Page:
44. In my judgment it is artificial on the undisputed facts to regard the cause of the overcrowding as the appellant’s decision, some five years before his application to the council to be placed on the housing register, to take a tenancy of his existing accommodation. At that time he obtained for himself and his family the best accommodation which he could afford. He did not take it with any thought of improving his position on the register, a possibility of which at the time he had no knowledge. As Ms Tait expressly and rightly accepted in the decision letter, this was accommodation which it was reasonable for him to occupy with his family. One might ask, what else was he to do? As he could not have afforded any more spacious accommodation, either in Southwark or in any other central London borough, the only “choice” available to him was to continue living in the one room in Gordon Road or to leave his job and move his family elsewhere, to seek other employment and accommodation, either within the United Kingdom or abroad.
45. The accommodation which the appellant reasonably decided to take only became statutorily overcrowded as a result of his children growing, as they inevitably would. That, in my judgment, was the cause of the overcrowding in this case. It cannot on any sensible understanding of paragraph 6.2 of the Scheme be regarded as a deliberate act on the part of the appellant. With respect, for the council to have decided otherwise exceeds the bounds of any flexibility which may be accorded to it in the implementation of its Scheme.
46. This is enough in my judgment to decide this appeal. However, in view of the submissions addressed to us, I would add three observations.
47. First, in my view the supposed distinction between overcrowding as a result of children growing older and overcrowding as a result of an addition to the family by birth or adoption is misconceived. It is not actually a distinction contained in the Scheme, which merely states that a natural increase in family size due to birth or adoption is not to be regarded as a deliberate worsening of an applicant’s housing circumstances. It says nothing about the natural growth of children. Indeed, birth and adoption are much more likely to be caused by a deliberate act than the natural and inevitable growth of existing children. So even if it were relevant to interpret paragraph 6.2 of the Scheme by reference to paragraph 5.24.1, the result would be the same.
48. Second, I cannot see any valid basis on which the appellant could be placed in Band 3. That expressly excludes applicants who are statutorily overcrowded. Given that, as is common ground, Band 2 is not relevant in this case, the appellant should either have been placed in Band 1 (if the statutory overcrowding was not caused by his deliberate act) or in Band 4 (if it was). That gives coherence to the Scheme as it makes sense for an applicant whose deliberate act is the cause of his own problem to be given reduced priority. The fact that Ms Tait considered Band 3 to be the closest fit for the appellant’s circumstances ought to have alerted her to the fact that something had gone wrong in her decision-making.
49. Third, the council’s approach leads to some odd, or even perverse, consequences. It means that an applicant who acts reasonably in taking the most suitable accommodation for his family that he can afford disqualifies himself from priority once his children grow to an age which renders that accommodation statutorily overcrowded. An interpretation of the Scheme which has that consequence, or which incentivises an applicant to refuse accommodation which is suitable for his current needs because of the consequences which will ensue when his children reach the age of 10, is to say the least counter-intuitive and requires careful scrutiny.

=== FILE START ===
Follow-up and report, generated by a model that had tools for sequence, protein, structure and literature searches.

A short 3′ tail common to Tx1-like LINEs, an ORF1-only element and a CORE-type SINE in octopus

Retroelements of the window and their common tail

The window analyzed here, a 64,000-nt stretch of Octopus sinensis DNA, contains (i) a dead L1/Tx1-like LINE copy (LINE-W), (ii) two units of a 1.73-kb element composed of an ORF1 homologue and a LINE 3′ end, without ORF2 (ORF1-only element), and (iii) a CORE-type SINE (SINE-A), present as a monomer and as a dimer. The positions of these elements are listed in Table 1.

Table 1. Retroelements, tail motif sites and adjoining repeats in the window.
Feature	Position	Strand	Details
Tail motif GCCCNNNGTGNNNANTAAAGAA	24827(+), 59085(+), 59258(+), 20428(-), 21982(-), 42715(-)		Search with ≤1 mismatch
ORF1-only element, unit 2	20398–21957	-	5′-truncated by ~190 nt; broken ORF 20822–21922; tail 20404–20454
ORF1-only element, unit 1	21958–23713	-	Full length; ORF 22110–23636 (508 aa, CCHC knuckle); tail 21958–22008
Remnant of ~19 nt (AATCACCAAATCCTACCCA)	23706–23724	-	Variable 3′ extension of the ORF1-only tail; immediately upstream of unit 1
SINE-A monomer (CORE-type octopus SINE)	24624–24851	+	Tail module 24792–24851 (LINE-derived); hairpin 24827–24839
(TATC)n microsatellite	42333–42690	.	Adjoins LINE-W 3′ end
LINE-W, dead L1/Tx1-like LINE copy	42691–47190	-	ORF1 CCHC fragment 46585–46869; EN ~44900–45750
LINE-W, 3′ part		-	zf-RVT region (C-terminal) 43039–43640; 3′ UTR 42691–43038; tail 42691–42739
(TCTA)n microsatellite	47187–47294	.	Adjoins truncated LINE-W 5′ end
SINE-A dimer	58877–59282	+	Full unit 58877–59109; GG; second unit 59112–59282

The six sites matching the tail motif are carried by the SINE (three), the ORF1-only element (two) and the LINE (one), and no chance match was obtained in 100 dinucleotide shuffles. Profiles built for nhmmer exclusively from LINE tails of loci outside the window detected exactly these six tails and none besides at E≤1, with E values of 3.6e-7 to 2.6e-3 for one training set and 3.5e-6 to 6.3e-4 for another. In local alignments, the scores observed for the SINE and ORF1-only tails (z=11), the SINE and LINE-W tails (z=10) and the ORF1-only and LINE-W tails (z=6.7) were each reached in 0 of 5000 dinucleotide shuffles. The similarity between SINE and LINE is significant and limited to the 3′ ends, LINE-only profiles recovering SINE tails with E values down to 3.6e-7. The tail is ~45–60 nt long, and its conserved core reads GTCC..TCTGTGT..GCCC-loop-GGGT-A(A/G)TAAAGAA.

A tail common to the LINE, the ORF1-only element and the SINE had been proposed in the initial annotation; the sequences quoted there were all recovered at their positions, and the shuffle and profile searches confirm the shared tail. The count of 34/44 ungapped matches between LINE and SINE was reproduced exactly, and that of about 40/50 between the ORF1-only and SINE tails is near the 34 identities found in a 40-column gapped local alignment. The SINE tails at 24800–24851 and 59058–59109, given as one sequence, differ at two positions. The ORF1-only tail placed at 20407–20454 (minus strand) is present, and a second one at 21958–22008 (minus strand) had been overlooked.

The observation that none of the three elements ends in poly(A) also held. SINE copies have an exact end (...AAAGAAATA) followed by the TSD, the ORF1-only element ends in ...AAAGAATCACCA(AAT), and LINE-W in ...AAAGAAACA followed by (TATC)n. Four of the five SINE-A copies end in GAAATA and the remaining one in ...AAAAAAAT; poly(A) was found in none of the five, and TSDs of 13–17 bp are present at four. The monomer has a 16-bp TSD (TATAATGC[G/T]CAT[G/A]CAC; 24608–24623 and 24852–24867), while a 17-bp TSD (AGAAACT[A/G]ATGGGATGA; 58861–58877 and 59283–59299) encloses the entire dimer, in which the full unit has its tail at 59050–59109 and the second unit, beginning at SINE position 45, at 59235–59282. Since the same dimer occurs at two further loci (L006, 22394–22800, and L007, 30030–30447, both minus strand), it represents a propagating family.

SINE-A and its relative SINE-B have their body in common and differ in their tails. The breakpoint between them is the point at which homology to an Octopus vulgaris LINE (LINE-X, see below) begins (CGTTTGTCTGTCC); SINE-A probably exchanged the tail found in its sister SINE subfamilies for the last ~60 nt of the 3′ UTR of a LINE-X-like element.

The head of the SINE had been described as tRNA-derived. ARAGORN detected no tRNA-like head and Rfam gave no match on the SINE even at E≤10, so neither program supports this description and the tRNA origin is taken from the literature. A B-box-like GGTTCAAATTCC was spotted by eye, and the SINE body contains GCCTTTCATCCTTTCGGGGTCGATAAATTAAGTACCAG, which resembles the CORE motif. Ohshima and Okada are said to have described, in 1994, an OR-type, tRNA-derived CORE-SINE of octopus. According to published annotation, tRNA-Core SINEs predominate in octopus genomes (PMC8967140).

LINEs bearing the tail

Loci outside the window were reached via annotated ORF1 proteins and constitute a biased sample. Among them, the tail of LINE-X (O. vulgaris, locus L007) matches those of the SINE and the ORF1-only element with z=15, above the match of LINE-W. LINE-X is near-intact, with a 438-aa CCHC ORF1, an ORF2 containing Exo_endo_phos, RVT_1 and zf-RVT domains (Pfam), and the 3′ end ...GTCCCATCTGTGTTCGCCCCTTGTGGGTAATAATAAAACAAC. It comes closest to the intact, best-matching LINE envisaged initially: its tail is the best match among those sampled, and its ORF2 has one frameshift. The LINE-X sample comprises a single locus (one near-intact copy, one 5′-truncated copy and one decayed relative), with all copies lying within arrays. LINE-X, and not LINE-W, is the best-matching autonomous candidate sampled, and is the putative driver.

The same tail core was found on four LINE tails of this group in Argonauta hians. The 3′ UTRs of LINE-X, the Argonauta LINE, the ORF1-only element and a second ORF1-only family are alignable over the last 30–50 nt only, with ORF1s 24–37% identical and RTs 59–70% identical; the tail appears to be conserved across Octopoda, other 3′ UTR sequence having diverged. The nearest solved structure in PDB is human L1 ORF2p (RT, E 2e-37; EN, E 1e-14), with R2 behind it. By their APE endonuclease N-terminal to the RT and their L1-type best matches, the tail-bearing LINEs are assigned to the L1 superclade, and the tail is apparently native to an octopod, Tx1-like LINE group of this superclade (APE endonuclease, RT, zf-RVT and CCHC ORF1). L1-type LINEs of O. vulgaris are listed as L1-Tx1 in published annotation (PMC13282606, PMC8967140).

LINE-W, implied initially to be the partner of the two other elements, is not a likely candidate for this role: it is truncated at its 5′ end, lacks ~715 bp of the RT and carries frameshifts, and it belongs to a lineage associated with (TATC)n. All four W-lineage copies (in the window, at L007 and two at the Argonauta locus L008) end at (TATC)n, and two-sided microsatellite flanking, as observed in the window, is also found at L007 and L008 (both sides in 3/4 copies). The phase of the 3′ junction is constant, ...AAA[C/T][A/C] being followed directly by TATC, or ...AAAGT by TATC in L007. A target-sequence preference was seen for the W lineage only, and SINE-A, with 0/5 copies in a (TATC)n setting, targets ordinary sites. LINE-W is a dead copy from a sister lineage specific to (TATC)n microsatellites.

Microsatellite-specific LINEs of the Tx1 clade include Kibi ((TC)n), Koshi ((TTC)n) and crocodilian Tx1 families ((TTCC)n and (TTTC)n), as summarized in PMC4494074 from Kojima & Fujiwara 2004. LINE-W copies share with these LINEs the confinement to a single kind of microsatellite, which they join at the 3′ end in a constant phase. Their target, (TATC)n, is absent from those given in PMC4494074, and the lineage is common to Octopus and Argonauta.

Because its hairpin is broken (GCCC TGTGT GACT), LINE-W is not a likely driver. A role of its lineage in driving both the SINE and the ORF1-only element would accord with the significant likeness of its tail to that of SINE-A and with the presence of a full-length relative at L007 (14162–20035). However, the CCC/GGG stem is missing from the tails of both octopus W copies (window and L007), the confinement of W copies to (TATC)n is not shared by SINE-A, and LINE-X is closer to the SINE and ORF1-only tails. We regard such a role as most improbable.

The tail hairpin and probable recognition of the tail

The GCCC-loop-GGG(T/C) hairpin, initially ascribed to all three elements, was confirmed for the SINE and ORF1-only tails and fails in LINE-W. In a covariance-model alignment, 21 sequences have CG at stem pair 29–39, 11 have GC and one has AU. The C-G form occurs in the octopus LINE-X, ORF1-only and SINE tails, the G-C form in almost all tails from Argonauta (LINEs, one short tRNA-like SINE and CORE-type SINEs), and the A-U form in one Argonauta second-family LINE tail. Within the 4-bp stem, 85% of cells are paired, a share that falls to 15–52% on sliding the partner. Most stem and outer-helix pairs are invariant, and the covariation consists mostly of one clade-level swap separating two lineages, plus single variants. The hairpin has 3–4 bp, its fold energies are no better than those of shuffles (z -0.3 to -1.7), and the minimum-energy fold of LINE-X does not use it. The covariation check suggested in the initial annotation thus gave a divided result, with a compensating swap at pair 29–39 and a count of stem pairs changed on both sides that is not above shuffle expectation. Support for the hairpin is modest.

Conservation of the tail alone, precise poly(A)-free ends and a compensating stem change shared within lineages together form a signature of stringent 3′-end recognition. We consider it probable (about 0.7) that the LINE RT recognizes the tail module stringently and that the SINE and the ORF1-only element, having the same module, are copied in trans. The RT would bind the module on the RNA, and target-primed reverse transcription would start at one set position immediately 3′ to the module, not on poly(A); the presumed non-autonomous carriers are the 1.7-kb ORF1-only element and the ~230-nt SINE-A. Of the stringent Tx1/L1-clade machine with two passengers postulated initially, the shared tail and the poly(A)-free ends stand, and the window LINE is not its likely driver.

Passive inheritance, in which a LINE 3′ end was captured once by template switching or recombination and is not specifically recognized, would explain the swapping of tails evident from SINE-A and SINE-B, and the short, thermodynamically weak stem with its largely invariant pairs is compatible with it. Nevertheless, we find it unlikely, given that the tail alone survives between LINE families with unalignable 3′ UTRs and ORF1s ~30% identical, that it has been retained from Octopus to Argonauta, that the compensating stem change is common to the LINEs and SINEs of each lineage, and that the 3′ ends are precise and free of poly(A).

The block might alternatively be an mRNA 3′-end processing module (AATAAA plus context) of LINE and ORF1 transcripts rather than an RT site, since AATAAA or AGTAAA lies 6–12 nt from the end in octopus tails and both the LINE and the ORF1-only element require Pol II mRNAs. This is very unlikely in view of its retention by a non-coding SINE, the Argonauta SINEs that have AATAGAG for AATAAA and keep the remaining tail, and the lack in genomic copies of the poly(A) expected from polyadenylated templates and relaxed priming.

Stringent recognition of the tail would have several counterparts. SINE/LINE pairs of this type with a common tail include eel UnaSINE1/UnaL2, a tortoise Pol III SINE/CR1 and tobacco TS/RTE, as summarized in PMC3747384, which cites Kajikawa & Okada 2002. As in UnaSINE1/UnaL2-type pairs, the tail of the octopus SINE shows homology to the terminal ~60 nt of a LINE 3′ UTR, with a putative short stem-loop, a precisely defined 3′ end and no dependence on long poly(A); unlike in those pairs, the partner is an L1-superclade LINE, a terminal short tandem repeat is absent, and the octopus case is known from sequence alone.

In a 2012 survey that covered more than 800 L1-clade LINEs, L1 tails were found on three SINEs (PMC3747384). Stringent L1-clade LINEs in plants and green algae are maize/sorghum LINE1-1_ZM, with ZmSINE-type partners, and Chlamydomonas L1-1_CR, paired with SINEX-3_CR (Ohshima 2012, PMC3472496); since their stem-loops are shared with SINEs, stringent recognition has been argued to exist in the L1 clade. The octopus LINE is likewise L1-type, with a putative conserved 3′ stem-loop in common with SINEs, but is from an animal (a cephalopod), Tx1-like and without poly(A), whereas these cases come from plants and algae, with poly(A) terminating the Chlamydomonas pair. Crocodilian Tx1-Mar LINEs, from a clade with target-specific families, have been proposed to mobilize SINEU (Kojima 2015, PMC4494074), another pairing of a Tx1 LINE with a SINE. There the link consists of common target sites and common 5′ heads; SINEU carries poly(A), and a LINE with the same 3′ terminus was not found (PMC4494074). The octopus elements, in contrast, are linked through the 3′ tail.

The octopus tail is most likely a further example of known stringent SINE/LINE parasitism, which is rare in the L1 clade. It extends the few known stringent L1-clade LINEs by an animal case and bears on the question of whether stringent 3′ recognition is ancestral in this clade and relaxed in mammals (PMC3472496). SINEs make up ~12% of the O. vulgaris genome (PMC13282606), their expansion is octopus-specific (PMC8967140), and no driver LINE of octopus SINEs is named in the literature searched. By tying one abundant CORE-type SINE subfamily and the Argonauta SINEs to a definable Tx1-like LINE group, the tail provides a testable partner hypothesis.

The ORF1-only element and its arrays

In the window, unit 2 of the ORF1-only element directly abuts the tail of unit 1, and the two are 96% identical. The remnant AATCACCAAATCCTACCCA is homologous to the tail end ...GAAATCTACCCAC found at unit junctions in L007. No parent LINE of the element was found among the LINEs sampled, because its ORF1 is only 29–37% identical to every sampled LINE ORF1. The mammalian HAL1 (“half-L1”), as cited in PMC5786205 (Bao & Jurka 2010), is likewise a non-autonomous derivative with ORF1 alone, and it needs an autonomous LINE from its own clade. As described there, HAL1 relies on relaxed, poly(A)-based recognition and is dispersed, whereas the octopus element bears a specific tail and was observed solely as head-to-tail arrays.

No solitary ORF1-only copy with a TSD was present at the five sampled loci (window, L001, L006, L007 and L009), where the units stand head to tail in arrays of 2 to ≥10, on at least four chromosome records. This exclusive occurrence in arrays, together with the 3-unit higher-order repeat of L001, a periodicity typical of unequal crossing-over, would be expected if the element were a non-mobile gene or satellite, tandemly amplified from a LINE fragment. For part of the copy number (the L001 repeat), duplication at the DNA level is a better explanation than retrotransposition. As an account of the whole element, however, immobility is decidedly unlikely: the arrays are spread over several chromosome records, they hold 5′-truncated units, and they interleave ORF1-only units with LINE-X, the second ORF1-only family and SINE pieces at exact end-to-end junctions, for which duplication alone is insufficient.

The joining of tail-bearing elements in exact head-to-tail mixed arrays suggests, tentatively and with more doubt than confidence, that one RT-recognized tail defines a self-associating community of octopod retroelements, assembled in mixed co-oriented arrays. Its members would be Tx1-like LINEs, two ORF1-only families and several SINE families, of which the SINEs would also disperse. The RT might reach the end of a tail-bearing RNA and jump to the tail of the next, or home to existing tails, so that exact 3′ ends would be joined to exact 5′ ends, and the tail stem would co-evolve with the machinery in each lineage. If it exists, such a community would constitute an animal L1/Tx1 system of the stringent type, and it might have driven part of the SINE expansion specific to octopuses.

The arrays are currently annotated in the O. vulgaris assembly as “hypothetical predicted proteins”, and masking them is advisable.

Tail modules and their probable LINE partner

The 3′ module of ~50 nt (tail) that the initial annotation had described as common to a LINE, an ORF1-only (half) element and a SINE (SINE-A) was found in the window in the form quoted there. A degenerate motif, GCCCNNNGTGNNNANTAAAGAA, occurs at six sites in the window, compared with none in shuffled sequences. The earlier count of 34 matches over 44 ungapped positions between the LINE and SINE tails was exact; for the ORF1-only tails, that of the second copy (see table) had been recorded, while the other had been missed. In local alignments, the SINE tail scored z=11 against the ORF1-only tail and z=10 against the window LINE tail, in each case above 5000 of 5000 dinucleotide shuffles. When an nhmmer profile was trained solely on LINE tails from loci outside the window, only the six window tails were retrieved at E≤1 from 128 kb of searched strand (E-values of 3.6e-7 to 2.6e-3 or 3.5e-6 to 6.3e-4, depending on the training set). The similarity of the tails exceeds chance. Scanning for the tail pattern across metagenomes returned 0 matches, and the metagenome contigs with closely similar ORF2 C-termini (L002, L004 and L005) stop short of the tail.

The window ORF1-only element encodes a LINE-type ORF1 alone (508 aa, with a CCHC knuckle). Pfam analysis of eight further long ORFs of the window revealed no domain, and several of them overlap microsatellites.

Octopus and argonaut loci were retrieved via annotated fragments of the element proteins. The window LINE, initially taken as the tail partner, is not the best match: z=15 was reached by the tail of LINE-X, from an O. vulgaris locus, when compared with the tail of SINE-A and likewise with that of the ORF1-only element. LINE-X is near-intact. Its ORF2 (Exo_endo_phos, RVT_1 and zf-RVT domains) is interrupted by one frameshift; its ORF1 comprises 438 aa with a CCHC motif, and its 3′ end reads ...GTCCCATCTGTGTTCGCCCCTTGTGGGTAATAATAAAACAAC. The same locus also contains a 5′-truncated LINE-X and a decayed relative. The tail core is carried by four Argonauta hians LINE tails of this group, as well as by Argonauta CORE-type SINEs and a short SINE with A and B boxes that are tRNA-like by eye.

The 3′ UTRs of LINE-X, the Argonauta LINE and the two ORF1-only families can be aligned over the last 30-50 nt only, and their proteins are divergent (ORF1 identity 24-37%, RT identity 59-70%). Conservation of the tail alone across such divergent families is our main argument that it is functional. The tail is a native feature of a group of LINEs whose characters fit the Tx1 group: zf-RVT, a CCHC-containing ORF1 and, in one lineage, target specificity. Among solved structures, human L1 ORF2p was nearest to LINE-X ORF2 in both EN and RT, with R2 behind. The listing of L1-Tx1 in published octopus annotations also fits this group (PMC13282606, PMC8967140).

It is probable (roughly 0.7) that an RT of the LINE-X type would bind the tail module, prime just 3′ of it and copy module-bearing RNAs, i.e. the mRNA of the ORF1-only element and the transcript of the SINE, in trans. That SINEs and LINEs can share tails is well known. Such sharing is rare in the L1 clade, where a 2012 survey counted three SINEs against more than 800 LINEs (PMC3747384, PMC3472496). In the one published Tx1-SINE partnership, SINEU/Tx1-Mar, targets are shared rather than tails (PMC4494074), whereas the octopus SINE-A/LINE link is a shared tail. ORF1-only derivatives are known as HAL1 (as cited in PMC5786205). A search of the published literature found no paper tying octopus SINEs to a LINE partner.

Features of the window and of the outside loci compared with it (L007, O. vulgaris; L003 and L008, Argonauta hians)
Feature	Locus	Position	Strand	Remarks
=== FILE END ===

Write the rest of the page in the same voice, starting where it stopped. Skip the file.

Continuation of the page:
Lord Justice Males, with whom Lord Justice Baker and Lord Justice Floyd agreed, made a declaration that the appellant was entitled to be placed in Band 1 of the Southwark Housing Allocation Scheme, and to be treated as having been so placed with effect from 11th October 2019, the date of the decision letter.
“Based on the information available to us, it appears that the appellant is also entitled to a priority star,” he added. “However, a claim for a priority star did not form part of the appellant’s claim for judicial review. I would therefore make no declaration to this effect, but would leave the council to consider in the light of this judgment whether there is any reason why such a star should not be awarded.”
The Court of Appeal judge said that this might be regarded by some as “jumping the queue”. He said: “It means, inevitably, that the appellant will move ahead of others who are currently ahead of him. But that is merely the consequence of applying the council’s allocation scheme, which is designed by the council to determine which applicants within the borough of Southwark should have priority over others, in a practical and common-sense way.”
Lawyers for the family, from London law firm Osbornes Law, and campaigners who fought for the family argued that local authorities across the UK would no longer be able to unfairly claim families have moved into small properties as a ‘deliberate act’ to get up the housing list.
Manjit Mandair, a specialist housing litigation lawyer from Osbornes Law who represents the family, said: “Most people like Favio and his family move into properties that they can afford out of necessity rather than have an involved agenda for getting up the housing ladder. It is deeply unfair that Mr Flores and his family were accused of this and we hope this judgment will help others in a similar situation.”
Izzy Köksal, spokesperson for Housing Action Southwark and Lambeth, who helped the family in their legal action, said: “Overcrowding is a huge problem in London and across the UK and is part of the wider housing crisis. Councils have been blaming families and penalising them because they are living in overcrowded conditions and this is devastating for them. Many don’t understand why they are being made to feel responsible for living in the only housing they can afford. We hope this judgment will stop the cruel blaming of people who are victims of the housing crisis.”
Phil Turtle of Landlord Licensing & Defence